The Westside Method isn't so much a training template like you'd see with 5/3/1 as much as it's a set of rules to apply to your training. Technically it isn't even the invention of Louie Simmons, much of it is from the former Soviet Union, Bulgaria etc.
I skimmed over what Wendler wrote and it appears to be a pretty good writeup.
-Dynamic Bench / speed bench / bench by percents / explosive training
-Maximum Effort Squat/Deadlift/Goodmorning
-Maximum Effort Bench
If you read through all of the Westside Articles and Louie's book, you'll see that the dynamic percentages have changed over the years. He talks about waving the percentages each week...I'm a little skeptical of whether this is worthwhile or not and for a beginner I wouldn't even bother. Furthermore I wouldn't worry so much about the percentages as much as the bar speed and keeping form.
If you've never done dynamic training before, there's a good chance that you're not very explosive, so if they are calling for 60% of your max and your bar speed is slow, you need to lower the weight. In my bastardized version of this methodology, I simply look at bar speed as an indicator. If the bar is moving too slow, weight needs to come off, if it's moving pretty fast, let's put some weight on.
SUPPOSEDLY if you're doing a triple for the bench or a double for the squat, the length of time to complete those reps should EQUAL the amount of time it takes you to do a full 100% squat or bench. My recommendation, watch some videos of some real dynamic work being done and get an idea of how fast the bar should be moving.
Maximum Effort Work
I was talking to Mike Ruggiera several years back on a pretty frequent basis and he had said that most everyone at Westside was switching their maximum effort exercises WEEKLY. We both agreed that this could be confusing to a beginner and figured sticking with a ME exercise for 2-3 weeks is good for a first-timer. Why? The THEORY of the ME work is that these special exercises carryover to a conventional lift.
So, instead of doing a flat bench press, you're doing a floor press. If your floor press increases, your flat bench increases (note: this is assuming that the floor press is a special exercise that you would benefit from).
For quite a few people, some of these special exercises are NEW TERRITORY. You're not going to have a MAX and to complicate things, no offense to anyone but there's alot of guys that don't know what 90%-100%+ intensity really is.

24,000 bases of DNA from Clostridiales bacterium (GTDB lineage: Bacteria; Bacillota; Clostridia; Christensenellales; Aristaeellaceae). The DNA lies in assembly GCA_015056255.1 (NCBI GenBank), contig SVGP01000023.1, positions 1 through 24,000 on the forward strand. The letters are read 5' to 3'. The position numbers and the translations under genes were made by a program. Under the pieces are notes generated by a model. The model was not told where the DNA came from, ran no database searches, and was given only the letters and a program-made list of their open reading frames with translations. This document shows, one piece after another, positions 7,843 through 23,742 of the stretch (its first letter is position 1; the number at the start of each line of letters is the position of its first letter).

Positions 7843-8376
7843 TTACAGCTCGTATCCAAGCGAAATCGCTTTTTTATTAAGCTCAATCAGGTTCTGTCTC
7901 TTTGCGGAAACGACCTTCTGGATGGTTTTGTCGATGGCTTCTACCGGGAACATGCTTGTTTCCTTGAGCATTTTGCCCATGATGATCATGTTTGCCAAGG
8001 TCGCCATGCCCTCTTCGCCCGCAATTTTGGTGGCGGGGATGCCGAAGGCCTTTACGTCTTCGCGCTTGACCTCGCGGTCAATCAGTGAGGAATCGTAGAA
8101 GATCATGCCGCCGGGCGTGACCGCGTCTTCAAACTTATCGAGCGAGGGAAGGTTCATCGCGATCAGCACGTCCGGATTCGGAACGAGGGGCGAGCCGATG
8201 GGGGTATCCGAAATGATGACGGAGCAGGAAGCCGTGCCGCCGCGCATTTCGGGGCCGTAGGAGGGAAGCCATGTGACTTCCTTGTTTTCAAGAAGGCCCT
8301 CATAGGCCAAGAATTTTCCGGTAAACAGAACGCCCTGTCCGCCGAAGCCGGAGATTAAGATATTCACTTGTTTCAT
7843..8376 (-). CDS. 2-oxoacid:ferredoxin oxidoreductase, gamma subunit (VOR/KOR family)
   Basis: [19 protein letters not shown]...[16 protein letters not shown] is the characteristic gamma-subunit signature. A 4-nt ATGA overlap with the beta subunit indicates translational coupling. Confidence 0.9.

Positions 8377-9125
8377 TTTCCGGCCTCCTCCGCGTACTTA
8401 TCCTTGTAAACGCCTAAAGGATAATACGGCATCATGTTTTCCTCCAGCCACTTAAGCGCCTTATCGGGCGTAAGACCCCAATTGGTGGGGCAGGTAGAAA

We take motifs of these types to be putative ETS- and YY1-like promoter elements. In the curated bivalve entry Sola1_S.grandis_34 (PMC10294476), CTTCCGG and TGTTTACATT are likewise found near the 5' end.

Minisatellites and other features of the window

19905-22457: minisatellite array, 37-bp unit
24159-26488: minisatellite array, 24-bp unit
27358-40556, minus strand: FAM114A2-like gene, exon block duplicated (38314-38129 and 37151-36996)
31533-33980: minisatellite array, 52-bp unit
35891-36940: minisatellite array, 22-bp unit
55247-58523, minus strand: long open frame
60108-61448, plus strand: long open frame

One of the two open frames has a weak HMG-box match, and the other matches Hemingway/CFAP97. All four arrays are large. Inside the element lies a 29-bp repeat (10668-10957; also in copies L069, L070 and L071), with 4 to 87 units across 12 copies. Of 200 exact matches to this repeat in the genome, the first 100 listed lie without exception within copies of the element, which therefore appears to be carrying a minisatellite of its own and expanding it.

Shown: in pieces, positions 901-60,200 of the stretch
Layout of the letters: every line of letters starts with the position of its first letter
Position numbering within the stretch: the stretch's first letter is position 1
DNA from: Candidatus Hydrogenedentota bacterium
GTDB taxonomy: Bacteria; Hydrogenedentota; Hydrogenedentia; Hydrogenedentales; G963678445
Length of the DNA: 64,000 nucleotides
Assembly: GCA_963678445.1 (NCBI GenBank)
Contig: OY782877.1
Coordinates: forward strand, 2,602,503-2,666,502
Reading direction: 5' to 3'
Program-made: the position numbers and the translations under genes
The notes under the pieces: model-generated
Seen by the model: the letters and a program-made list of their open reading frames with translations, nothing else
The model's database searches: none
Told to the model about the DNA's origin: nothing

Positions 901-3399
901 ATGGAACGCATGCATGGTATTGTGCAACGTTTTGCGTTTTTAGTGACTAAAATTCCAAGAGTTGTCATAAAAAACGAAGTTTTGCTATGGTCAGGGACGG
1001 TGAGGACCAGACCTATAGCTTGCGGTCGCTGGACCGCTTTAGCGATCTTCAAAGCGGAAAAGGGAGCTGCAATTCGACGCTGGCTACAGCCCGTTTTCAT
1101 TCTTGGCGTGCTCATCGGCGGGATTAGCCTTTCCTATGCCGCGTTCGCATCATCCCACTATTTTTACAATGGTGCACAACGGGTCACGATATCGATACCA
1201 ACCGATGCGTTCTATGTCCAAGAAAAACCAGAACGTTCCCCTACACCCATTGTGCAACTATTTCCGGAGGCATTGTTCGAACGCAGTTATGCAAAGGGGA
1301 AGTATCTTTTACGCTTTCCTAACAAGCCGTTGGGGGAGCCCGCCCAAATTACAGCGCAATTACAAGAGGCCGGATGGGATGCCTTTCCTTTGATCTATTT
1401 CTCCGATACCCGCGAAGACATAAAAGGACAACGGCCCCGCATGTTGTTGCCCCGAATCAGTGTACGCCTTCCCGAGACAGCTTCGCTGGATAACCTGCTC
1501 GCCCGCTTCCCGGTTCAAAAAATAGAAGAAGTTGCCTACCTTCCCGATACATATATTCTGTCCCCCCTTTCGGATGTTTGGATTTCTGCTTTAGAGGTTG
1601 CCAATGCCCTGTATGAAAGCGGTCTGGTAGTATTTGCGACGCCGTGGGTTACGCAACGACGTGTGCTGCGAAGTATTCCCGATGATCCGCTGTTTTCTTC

So in Week 1 you do a floor press (for example). You're probably not going to be super coordinated with this exercise, you might not even hit a true 100% max with this exercise but you give it your best. Week 2 you try to beat it and you can either move onto a new exercise in Week 3 or stick with floor presses for 1 more week.
I think that this approach really helps a beginner to start filling up their logbooks with maxes for the special exercises and it gives them a chance to wrap their head around how this training is supposed to work.
Furthermore, you need to begin to identify your weaknesses and find out what ME special exercises work for you. If you're switching every week, how are you going to know whether floor presses or 2 board presses helped you more? (just as an example).
The rest of the system is pretty simple...SMASH FUCKING WEIGHTS and destroy the supporting muscle groups.
If it's a bench day you're going to want to hit your delts, triceps and lats...you can throw in some biceps if you want. If it's a squat day you want to hit your posterior chain.
I hope this helps you. I know first-hand how convoluted some of these "templates" can be. I started reading Louie's articles back in the mid-90's and I had a guy who was good friends with Angelo Berardenelli who frequented Westside helping me along the way.
I chatted with Louie on the phone a few times and made the trip to Westside to gain better insight into things...and honestly, I believe it to be one of the best systems available to gain strength, the BIGGEST PROBLEMS with this approach is knowing where you need to improve and knowing your indicator exercises...which, if you're not around people who know this shit, you could have a tough time figuring out on your own.